There are eyelid bumps that are not styes, like millia and xanthelasma. It’s a good idea to see a doctor if you have a bump on your eyelid, rather than assuming you know what it is and treating it at home. Your doctor will be able to correctly identify the bump on your eyelid and recommend the right treatment for your specific condition.

    If you are looking for an eye doctor, the Gerstein Eye Institute in Chicago can help. Since 1968, the Gerstein Eye Institute has been providing exceptional ophthalmologic care to patients in the Chicago area. With decades of experience in ophthalmology, our certified professional staff members work hard to provide the kind of personalized care that keeps patients coming back year after year, eventually entrusting the eye health of their children and grandchildren to us as well. To schedule an appointment, call us at 773.596.9545 or contact us through our website.

  • Glaucoma prevention tips

    The second leading cause of irreversible blindness globally, glaucoma affects more than three million people in the United States alone. Typically, it doesn’t have any symptoms, and many people don’t realize they have glaucoma until it is at an advanced stage. There’s no cure for glaucoma, though the symptoms can be treated and the progression of the disease slowed if it’s caught early. There are, however, some steps you can take to prevent glaucoma.

    • Protect your eyes. Wear protective eyewear any time you’re participating in sports, doing a home improvement project, or engaging in any other activity that puts your eyes at risk. Injury to the eye can cause secondary or traumatic glaucoma. Prevent overexposure to UV rays by wearing sunglasses or a wide-brimmed hat when you’re outside.
    • Exercise regularly. Moderate exercise, at least three times a week, can lower your risk of glaucoma. Avoid exercises like headstands, which can increase intraocular pressure, one of the major risk factors for glaucoma.
    • Fill your diet with nutrient-dense foods. Foods that support eye health include dark green, yellow, and orange fruits and vegetables, fruits and vegetables high in vitamin C, and foods with vitamin A, like sweet potatoes, mangoes, milk, egg yolks, and liver. Foods that contain vitamin E, like eggs, wheat germ, nuts, vegetable oils, and whole grains, are good for your eyes, as are foods with vitamin D, like fatty fish and egg yolks. Also important are foods with zinc, like oysters, red meat, poultry, beans, and nuts, and foods with omega-3 fatty acids, like walnuts and wild salmon.
    • Do the things that you already know support your overall health. Maintain a healthy weight, don’t smoke, keep your blood pressure under control, and limit caffeine consumption.
    • See an eye doctor regularly for exams. The single most important thing you can do to protect your eyes from the damaging effects of glaucoma is to have regular eye exams. Before age 40, you should be seen every two to four years, and then every one to three years up to age 54, moving to every one to two years at 55 of over. If you’re a person with high-risk factors, like African heritage, diabetes, or a family history of glaucoma, you should be tested for glaucoma every year or two after you turn 35. The best way to prevent vision loss from glaucoma is to catch the disease in the early stages so that you can receive treatment to slow its progression.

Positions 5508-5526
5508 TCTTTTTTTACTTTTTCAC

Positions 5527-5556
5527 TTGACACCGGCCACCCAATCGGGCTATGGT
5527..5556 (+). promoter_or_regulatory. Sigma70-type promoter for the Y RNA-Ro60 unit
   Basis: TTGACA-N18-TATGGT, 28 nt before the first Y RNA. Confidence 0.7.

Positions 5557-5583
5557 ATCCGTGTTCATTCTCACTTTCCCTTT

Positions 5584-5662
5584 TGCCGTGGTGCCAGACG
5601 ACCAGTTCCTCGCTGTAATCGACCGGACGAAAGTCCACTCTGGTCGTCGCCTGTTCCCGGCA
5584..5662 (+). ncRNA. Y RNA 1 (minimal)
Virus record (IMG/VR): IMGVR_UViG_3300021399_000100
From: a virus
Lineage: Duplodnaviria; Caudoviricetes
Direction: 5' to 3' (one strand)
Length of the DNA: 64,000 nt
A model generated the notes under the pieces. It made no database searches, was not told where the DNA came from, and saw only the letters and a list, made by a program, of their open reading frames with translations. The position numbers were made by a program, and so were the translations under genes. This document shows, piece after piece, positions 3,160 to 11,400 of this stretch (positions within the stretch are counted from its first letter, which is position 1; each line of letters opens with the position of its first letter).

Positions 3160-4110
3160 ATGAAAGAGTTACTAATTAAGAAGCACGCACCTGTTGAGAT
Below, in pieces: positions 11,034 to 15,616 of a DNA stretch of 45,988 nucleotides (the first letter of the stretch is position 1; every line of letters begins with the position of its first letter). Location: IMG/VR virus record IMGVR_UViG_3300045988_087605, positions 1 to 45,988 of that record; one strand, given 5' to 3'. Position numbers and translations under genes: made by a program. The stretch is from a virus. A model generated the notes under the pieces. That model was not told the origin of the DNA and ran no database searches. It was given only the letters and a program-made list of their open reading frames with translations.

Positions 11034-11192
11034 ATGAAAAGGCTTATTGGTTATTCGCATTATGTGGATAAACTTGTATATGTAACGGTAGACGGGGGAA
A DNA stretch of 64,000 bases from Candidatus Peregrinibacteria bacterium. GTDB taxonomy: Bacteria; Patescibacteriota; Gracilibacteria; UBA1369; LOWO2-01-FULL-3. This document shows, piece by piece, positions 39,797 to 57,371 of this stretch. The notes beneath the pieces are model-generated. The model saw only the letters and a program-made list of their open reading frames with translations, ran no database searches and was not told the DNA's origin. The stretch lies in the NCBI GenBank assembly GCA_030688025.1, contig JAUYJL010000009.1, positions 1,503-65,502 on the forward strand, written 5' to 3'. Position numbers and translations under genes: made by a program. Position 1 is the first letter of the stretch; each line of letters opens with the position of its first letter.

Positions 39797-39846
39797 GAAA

If you are looking for an eye doctor, the Gerstein Eye Institute in Chicago can help. Since 1968, the Gerstein Eye Institute has been providing exceptional ophthalmologic care to patients in the Chicago area. With decades of experience in ophthalmology, our certified professional staff members work hard to provide the kind of personalized care that keeps patients coming back year after year, eventually entrusting the eye health of their children and grandchildren to us as well. To schedule an appointment, call us at 773.596.9545 or contact us through our website.

  • What Causes Itchy Eyes and Eyelids — and How to Get Relief

    Get itchy eyes relief by Gerstein Eye Institute

    Why are your eyes itching? More importantly, what can you do about it? Itchy eyes can make a person feel frantic, and when you’re eyes itch, it’s hard to concentrate on anything else. Rubbing your eyes is an almost irresistible urge, but it’s a bad idea because it can make things worse and sometimes even cause a corneal abrasion. There are better ways to handle the problem, so here, we give you the run-down on itchy eyes and eyelids.

    What makes eyes itch, anyway? Most of the time, it’s allergies. Some sort of allergen causes your body to release histamines into the tissues around the eyes, and you’re left with itching, redness, and swelling. The allergen might be pollen, dust, or animal dander, and seasonal allergies can cause allergic conjunctivitis in the spring when outdoor allergens like grass and weeds are in full force. Things like mold and dust, though, cause allergic reactions all year long. Sometimes, the culprit is a product you’re using, like contact lens solution, makeup, lotions, soaps, or even artificial tears.